LePage recognizes environmental efforts of businesses with awards

Posted April 19, 2012, at 5:48 p.m.
Last modified April 20, 2012, at 3:17 p.m.
Gov. Paul LePage speaks in Rockland in March 2012.
Gov. Paul LePage speaks in Rockland in March 2012. Buy Photo

GORHAM, Maine — IDEXX Laboratories saved more than 12,000 disposable cups yearly when the company gave its employees reusable containers.

Concrete precast company George R. Roberts Co. of Alfred several years ago had the state’s largest solar panel array installed on its plant roof, with 638 panels powering its processes.

And CLYNK’s recycling machines have processed more than 300 million returnable cans and bottles since 2006 — enough to fill Fenway Park to the top of the Green Monster three and a half times.

On Thursday, Gov. Paul LePage recognized these companies, as well as several others and two organizations, with the 2012 Governor’s Awards for Environmental Excellence. A common theme during the event, held at the Jotul North America headquarters in Gorham, was the combination of job creation and environmental stewardship.

“I really do believe in our environment. I believe in our economy,” LePage said, with metal clanging in the background as Jotul workers built stoves.

“There is room for the environment and the economy to grow — our administration demands it.”

LePage noted that the awards had been discontinued in an earlier administration, and that his administration revived them. According to the Department of Environmental Protection, the awards program ended in 2005.

“I am considered the person who was going to come to Augusta and destroy the environment,” LePage said. “I did not choose to remain in Maine my entire life because it was a dirty place to live.”

According to the DEP, recipients were recognized for voluntarily going beyond regulatory requirements to creatively and collaboratively initiate innovation that was both environmentally and economically sustainable.

About 25 applicants put in for the awards, and were scored by a team that included the bureau directors at the DEP, the agency’s regional directors, a staff member from each bureau, and the agency’s small business ombudsman and the communications director. Criteria included environmental benefits, energy reduction, economic benefits and more.

“All of you have gone above and beyond what is expected of you, and have taken it to the next step,” said DEP Commissioner Patricia Aho.

Westbrook-based IDEXX won in the “Businesses Over 100 Employees” category for a variety of initiatives, including the disposable cup project.

Aho noted the biotech company is working with EcoMaine, and now recycles half of its total waste. The company also started a program that has refurbished 2,500 laptop and desktop computers headed for the electronic waste pile, and made them available for low-income families.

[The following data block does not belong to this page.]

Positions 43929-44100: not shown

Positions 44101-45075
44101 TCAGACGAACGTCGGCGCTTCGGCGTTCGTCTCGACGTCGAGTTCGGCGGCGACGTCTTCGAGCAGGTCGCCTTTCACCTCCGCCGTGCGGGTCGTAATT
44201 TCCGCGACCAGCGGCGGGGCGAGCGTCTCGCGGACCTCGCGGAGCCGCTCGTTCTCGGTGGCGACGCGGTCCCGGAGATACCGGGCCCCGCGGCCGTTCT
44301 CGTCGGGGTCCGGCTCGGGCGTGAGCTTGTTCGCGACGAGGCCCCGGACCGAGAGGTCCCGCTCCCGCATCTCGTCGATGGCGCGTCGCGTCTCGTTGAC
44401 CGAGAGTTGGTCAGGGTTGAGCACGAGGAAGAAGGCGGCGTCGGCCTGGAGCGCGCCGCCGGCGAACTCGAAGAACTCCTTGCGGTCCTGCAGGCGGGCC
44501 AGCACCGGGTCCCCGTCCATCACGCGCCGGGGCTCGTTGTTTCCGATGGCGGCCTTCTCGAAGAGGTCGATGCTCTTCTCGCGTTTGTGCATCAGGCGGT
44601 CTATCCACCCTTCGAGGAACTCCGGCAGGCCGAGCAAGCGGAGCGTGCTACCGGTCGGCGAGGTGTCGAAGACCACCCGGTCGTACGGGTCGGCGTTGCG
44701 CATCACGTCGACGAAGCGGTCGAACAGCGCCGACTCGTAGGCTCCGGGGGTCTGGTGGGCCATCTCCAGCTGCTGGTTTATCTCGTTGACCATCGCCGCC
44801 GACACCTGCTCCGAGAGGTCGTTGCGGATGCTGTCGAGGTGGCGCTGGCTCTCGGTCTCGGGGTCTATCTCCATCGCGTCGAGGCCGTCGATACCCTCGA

And an employee-supported garden grew 500 pounds of food that was donated to local pantries, Aho noted.

“When you get everybody involved in the collaborative efforts, they all add up to a very significant vision,” she said.

CLYNK, based in South Portland, won in the “Businesses Over 50 Employees” category. The company has made it easier for individual consumers and groups to recycle bottles and cans. Earlier this year, it launched a new service allowing its account holders to track in real time the environmental benefits that result directly from the specific beverage containers they recycle.

George R. Roberts Co. won in the “Businesses Over 15 Employees” category for its solar array project. According to the DEP, the 638 solar panels have produced 244,000 kilowatt hours of electricity, enough to power 130,000 light bulbs each year and accounting for a 10,000-ton annual reduction in carbon dioxide emissions.

Maine Energy Systems of Bethel won in the “Businesses Under 15 Employees” category for helping Maine homes, public facilities and businesses cut oil consumption with its Maine-produced wood pellets and boilers. The company is providing jobs in forestry and transportation, as well as manufacturing, said Aho.

The Washington County Council of Governments won in the “Public Sector” category for its countywide Brownfields program. According to Aho, there are more than 120 brownfield sites in Washington County. Brownfields are generally old industrial sites, where a degree of environmental contamination is suspected, but the extent unknown. The program has done investigations at 11 sites, and has led to the redevelopment of five sites, the DEP said, with the “potential to create up to 50 new full-time jobs and increase property value by over $4 million.”

The Environmental Living & Learning for Maine Students Project, a partnership between the Chewonki Outdoor Classroom for Schools, Ferry Beach Ecology School and the UMaine 4-H Camp and Learning Center at Bryant Pond and at Tanglewood, won in the “Nonprofit” category.

Launched in 2011, the collaborative creates a financial aid fund that has subsidized residential environmental education for nearly 2,000 Maine students.

Maine Energy Systems CEO and co-founder Les Otten said his company was “in the business of disrupting what’s commonplace and ordinary,” by trying to provide an alternative to heating oil.

“We’re changing thinking and keeping money in Maine — building a product in Maine,” said Otten.

Tim Cook, owner of George R. Roberts Co., said the solar project started in 2009 and was completed in 2010. The project started after he installed solar at his own home. It’s a collaboration with the Solar Market in Arundel, said Cook, which owns the array equipment, and sells the electricity to the concrete company. Cook said his company employs 36.

“For me, it’s great to represent them. They’re working for a company that has the right idea,” he said.

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